Lawyers at Munger, Tolles & Olson; Skadden, Arps, Slate, Meagher & Flom; and White & Case scored another victory on Friday in long-running litigation over a so-called pay-for-delay deal involving the testosterone replacement gel AndroGel. U.S. District Judge Thomas Thrash Jr. in Atlanta granted defense motions for summary judgment, rejecting arguments by AndroGel purchasers that a 2003 patent settlement between Watson Pharmaceuticals Inc., Paddock Laboratories Inc., Par Pharmaceuticals Companies Inc., and Solvay Pharmaceuticals Inc. was based on “sham” litigation.

Solvay, which began marketing AndroGel in June 2000, was issued a patent for the gel in January 2003, according to court records. After Watson and Paddock Laboratories (in partnership with Par) began developing generic version of the gel, a Solvay subsidiary filed a patent infringement suit in August 2003 to block the generics. The parties reached a settlement the same year, which included “reverse payments” from Solvay and an agreement by its rivals to promote AndroGel and to forgo plans for a generic version until at least August 2015. The Federal Trade Commission and class action lawyers filed antitrust claims against all four pharmaceutical companies in 2009, claiming that the 2003 deal was anticompetitive and that the underlying patent litigation was a sham.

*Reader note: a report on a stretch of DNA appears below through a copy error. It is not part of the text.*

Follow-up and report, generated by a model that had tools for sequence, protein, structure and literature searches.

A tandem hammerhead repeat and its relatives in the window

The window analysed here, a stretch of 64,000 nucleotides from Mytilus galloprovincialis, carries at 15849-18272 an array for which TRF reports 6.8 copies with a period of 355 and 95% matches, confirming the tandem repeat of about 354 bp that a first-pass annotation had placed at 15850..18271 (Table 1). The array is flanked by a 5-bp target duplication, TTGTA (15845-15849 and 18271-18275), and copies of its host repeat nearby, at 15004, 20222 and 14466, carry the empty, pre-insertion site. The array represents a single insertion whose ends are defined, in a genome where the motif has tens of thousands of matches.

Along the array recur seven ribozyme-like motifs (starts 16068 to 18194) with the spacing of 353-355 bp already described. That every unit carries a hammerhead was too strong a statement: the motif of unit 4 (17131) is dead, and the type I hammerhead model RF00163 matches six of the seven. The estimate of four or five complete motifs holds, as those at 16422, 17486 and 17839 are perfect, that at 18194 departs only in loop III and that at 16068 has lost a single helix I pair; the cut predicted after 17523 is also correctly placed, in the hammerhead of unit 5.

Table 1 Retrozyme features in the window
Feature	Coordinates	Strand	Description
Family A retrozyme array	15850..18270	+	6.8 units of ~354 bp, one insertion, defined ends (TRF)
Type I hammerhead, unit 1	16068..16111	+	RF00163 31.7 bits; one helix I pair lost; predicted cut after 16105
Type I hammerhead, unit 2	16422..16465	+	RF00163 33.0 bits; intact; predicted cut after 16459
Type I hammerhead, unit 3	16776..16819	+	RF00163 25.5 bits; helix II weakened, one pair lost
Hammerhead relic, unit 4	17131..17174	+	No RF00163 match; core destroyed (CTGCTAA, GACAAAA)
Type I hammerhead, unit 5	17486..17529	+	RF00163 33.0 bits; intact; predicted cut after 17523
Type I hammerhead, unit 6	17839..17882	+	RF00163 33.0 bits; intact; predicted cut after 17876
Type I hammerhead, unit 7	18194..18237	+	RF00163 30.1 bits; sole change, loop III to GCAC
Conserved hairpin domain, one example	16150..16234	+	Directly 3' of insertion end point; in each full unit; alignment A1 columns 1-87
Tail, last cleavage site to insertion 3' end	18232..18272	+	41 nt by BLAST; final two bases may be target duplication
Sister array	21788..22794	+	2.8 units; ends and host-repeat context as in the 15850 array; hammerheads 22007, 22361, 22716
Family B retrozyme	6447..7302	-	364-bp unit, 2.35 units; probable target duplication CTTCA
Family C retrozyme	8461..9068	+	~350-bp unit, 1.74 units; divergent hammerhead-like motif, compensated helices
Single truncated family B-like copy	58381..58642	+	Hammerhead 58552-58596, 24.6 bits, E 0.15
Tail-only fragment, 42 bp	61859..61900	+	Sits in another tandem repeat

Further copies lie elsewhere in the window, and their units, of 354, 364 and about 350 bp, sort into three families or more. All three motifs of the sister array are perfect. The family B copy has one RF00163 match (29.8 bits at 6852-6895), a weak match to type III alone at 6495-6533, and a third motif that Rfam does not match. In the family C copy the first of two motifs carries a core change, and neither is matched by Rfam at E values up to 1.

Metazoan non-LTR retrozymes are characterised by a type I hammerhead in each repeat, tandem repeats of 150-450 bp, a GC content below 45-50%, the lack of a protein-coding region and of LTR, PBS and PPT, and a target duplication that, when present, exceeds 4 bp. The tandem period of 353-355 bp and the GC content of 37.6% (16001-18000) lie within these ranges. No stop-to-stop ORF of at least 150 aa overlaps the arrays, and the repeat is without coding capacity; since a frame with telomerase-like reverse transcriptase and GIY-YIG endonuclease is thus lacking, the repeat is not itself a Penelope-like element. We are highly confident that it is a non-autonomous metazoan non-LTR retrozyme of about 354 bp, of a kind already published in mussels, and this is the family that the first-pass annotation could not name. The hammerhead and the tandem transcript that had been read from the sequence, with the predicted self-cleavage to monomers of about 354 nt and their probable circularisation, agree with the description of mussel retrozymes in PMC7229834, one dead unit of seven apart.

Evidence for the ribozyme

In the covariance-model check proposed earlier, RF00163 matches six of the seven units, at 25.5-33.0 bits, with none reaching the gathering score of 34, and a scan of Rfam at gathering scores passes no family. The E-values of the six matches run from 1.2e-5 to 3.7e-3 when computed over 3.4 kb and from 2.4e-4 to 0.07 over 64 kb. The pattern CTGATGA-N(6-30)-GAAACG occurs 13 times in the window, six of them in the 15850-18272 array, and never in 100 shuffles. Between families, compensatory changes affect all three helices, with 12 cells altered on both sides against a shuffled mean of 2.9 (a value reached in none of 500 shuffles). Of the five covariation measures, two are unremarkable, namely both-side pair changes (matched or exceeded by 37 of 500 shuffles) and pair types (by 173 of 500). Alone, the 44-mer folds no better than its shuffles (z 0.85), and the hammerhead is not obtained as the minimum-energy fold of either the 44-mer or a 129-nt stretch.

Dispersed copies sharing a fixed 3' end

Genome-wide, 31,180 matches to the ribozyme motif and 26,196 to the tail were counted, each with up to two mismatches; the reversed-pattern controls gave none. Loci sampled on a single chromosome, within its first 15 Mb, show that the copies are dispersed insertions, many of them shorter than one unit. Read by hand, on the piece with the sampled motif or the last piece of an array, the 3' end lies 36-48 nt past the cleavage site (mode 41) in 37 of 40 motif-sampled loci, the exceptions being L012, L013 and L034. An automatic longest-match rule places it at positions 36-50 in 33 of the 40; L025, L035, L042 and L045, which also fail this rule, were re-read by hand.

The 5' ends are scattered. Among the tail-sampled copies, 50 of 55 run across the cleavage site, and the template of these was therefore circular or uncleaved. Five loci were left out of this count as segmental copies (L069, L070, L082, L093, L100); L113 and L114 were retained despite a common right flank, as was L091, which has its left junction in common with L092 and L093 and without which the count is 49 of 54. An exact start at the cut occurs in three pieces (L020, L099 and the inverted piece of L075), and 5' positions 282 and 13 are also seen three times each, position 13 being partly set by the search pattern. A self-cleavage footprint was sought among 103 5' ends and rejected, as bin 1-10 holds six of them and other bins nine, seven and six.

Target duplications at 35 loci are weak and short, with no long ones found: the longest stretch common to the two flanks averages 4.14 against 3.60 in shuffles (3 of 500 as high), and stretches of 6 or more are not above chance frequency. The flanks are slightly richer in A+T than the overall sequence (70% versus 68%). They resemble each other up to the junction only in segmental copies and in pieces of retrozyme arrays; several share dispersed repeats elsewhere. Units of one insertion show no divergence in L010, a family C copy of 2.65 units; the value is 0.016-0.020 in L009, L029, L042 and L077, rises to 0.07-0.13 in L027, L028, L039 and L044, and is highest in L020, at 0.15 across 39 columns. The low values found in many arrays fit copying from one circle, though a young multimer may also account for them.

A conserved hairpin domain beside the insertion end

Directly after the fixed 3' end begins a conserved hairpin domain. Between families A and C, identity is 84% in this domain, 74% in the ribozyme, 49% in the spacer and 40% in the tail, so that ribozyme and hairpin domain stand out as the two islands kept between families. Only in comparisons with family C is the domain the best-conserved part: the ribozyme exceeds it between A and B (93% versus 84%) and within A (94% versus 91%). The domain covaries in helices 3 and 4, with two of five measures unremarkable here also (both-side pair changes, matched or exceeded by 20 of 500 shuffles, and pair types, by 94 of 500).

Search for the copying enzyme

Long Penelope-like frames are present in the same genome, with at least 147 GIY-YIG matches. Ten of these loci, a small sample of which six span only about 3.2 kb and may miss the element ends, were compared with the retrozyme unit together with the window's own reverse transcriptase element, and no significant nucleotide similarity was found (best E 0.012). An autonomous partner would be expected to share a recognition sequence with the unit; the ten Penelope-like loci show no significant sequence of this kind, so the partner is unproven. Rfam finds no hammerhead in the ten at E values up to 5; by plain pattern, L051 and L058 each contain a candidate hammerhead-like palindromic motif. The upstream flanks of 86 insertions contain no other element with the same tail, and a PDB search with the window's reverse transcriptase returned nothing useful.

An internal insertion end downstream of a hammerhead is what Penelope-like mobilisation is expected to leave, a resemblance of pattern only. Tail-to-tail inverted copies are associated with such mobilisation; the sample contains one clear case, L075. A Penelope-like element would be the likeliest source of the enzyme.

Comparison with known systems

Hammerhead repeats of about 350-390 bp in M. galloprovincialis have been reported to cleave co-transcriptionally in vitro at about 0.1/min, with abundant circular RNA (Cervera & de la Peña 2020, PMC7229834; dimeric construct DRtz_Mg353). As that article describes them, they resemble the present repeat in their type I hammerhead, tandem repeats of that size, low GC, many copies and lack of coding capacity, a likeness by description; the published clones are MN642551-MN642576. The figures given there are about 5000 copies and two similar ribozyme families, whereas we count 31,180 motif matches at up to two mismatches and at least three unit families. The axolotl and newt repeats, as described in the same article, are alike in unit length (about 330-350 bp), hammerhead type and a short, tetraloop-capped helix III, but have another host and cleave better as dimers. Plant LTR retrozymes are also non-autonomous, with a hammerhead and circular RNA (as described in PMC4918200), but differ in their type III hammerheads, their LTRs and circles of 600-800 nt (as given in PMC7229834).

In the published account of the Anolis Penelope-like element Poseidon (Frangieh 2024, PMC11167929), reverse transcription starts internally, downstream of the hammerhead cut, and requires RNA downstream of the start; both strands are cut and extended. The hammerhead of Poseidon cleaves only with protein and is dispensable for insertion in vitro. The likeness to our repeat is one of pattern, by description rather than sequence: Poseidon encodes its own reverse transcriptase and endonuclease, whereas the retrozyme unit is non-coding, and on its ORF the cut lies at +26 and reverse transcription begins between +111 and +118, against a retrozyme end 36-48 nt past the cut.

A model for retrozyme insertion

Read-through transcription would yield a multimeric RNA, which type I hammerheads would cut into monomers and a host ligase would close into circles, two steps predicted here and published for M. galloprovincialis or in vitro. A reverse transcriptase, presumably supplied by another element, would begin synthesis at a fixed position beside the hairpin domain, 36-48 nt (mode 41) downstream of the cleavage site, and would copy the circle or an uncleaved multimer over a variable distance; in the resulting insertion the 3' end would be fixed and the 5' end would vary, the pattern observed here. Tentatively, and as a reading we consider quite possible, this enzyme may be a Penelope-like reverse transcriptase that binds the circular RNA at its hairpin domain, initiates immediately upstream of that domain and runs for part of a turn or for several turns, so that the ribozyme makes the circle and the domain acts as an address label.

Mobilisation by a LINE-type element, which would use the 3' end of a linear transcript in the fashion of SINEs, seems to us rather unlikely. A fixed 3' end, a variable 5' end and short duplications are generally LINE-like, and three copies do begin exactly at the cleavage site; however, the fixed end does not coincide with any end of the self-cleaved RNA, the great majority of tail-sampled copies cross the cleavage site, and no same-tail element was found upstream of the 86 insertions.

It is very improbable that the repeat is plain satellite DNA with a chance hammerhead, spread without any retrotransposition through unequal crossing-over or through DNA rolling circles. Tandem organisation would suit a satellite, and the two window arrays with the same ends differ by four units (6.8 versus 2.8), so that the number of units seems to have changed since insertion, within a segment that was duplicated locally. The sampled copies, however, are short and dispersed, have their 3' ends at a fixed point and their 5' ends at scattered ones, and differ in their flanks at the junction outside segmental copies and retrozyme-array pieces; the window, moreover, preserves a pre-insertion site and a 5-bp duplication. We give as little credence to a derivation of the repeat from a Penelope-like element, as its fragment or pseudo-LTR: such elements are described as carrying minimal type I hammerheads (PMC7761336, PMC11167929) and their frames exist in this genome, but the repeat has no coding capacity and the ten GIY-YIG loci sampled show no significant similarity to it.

The plaintiffs had argued that Solvay’s patent for the drug was was facially invalid and that Watson and Paddock could have easily defeated the company’s infringement claims. But Thrash ruled Friday that the litigation was not “objectively baseless,” concluding that Solvay might have made a plausible case for infringement and that its rivals had cause to settle.

“We are pleased with the decision and believe Judge Thrash got the law and the facts right in granting summary judgment here,” said Skadden’s Steven Sunshine, who represents Watson. Munger Tolles partner Jeffrey Weinberger, who represents Solvay, argued for the defendants. Paddock and Par Pharmaceuticals are represented by Eric Grannon of White & Case.

We named the trio of defense lawyers Litigators of the Week back in April, after the U.S. Court of Appeals for the Eleventh Circuit upheld an earlier summary judgment ruling in the case. That decision rejected antitrust claims by the FTC and private plaintiffs over the terms of the 2003 settlement.

The plaintiffs are represented by Berger & Montague and a gaggle of class action firms. Lawyers for the plaintiffs didn’t immediately respond to requests for comment.